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WSI News - WSI Spotlight

Pitching to fret about?

As spring training rapidly winds down, the one thing that was obvious to all fans is that Sox pitchers really took it on the chin. Somewhere along the line I lost count of how many double-digit games the opposition managed to score against a club whose strong suit was supposedly pitching.

Wasn't it just a couple of months ago that our man Lenny (aka Sox GM Kenny Williams) was justifying trading three pitchers for one because "we have the luxury of being sixteen deep in pitching." The implication was that Kip Wells, Sean Lowe, and Josh Fogg weren't in that top sixteen and were expendable.

Well, call me crazy, but I sure would like to see at least one or two of those guys around now to shore up the pitching staff as currently constituted. This spring, as this is being written, the Sox pitching staff has given up more runs than any team in baseball. An obvious result of this is that the Sox staff has the highest ERA of any club this spring.

Shellshocked fans are wondering what's going on. Is the pitching really that bad? Where are all those young arms we were promised that were going to get us into the World Series by 2002? (Hey, wait! That's THIS year!) What's going on? Who is accountable for this fiasco?

First off there were all those injuries last year. Fans who don't know a biceps from a hip flexor learned all about torn labrums last year. And they learned it can't be good because so many Sox pitchers went on the DL with that injury.

What were the fans told in February? Camera crews from all the Chicago television stations were invited out to the Sox Training Center where all the rehabbing pitchers were working out. We were told that they were coming along just dandy and that most of them would be raring to go come April. The media dutifully reported this "good news."

The problem is that anyone who has followed the recovery of pitchers who have had similar surgeries has observed that their first year back is usually loaded with inconsistency. Most pitchers seem to fully recover, if they do at all, their second year back. Exactly what miracle was Sox management expecting that would result in all of these pitchers coming back fully recovered? Who is accountable for this utter disregard of what anyone with any knowledge of this type of surgery will tell you if you just ask? Were these pitchers considered to be some of the "sixteen deep" that Kenny Williams referred to when justifying trading three arms for one?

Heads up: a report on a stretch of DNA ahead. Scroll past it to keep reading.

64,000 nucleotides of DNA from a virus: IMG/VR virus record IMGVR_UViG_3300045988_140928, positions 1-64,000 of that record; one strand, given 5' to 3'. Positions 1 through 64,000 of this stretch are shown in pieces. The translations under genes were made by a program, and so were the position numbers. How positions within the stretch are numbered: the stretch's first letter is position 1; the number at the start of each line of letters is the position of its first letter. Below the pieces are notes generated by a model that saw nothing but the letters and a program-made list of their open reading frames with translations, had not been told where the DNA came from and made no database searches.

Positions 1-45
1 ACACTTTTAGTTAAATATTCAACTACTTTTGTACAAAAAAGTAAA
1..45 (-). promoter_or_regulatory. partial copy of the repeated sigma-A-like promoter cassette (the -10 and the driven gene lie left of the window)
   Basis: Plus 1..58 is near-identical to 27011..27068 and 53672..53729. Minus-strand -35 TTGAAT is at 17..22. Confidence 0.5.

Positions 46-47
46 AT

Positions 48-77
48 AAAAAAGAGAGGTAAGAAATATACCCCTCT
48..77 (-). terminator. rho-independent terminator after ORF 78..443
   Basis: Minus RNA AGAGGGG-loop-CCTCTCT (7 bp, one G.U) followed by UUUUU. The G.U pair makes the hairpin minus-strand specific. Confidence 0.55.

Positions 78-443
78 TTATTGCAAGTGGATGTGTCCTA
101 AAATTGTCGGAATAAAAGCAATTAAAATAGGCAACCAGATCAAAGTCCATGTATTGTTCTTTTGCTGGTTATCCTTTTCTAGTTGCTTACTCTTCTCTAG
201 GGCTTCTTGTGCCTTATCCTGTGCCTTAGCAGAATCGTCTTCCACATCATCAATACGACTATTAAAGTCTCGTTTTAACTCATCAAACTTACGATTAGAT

As of now, the Sox starting rotation appears to be Mark Buehrle, Todd Ritchie, Danny Wright, Jon Garland, and Jon Rauch. Even if these guys had good springs, this would not be a rotation that would make other teams shake in their boots. As it is, though, the best you could say for any of them is they've pitched with mixed results. Notably absent from the rotation is Jim Parque, who as this is written has yet to throw an 85-mph fastball. Less than two months ago, Parque was the poster boy for the tremendous recovery the injured pitchers have made. Who overestimated his recovery and the recoveries of all the other pitchers?

As for the fact that most of the Sox pitchers have ERA's that look like Einstein's ACT scores: "Don't worry about it," we're told by Sox management and broadcasters. The air in Tucson is thin. "Curve balls don't get as much 'bite' in the thin air and they flatten out."

Okay, let's assume that's true. It's still a fact that the Sox have the worst ERA in baseball this spring. Apparently pitchers from other clubs aren't having the same problems in that thin Arizona air as ours. Why is that?

For a team that is supposedly so deep in pitching, no one has really stepped up and become a leader this spring. None of those great young arms appears to be capable of getting anyone out. Of course, the veteran arms appear to be suffering the same fate. Bob Howry, former closer, has been demoted from his role as setup man because he can't seem to get anyone out either. To make matters worse, Keith Foulke, one of the best closers in the game last year, is also having that same problem.

Last year there was an epidemic of torn labrums on this staff. This year the pitchers seem to be suffering form gopherball-itis. What's going on here?

Last spring when the Sox weren't hitting and were dropping out of contention in May, Jerry Manuel and Lenny decided that the problem was hitting coach Von Joshua. This spring the pitchers can't pitch. The only logical conclusion is that the problem would have to be the pitching coach. If Von Joshua can be blamed for the hitting woes of players like Harold Baines, Julio Ramirez, and Royce Clayton, then Nardi Contreras should be blamed for what has happened to the pitching staff this spring.

Of course, if accountability were truly meaningful, we could take to task all of those in Sox management who did nothing in the offseason except trade three arms for a number two starter to apply a band-aid to a pitching staff that a lot of fans knew was hemorrhaging.

But that's the problem with the White Sox. As long as there is an excuse to be made, no one is accountable.

NEXT: Whatever happened to Point C?


Editor's Note: Hal Vickery has been a White Sox fan since 1955 when he was five years old. For much of that time he also had a secondary rooting interest in the Cubs, which he has shown the good sense to abandon. When not cheering for or writing about the Sox, Hal teachers chemistry and physics at North Boone High School, in Poplar Grove, IL. Hal commutes there daily from Joliet, where he lives with his wife Lee, and their dog, Buster T. Beagle. Hal's opinions are necessarily those of North Boone High School, his wife, or Buster T. Beagle. You can write Hal at nsmf@aol.com.

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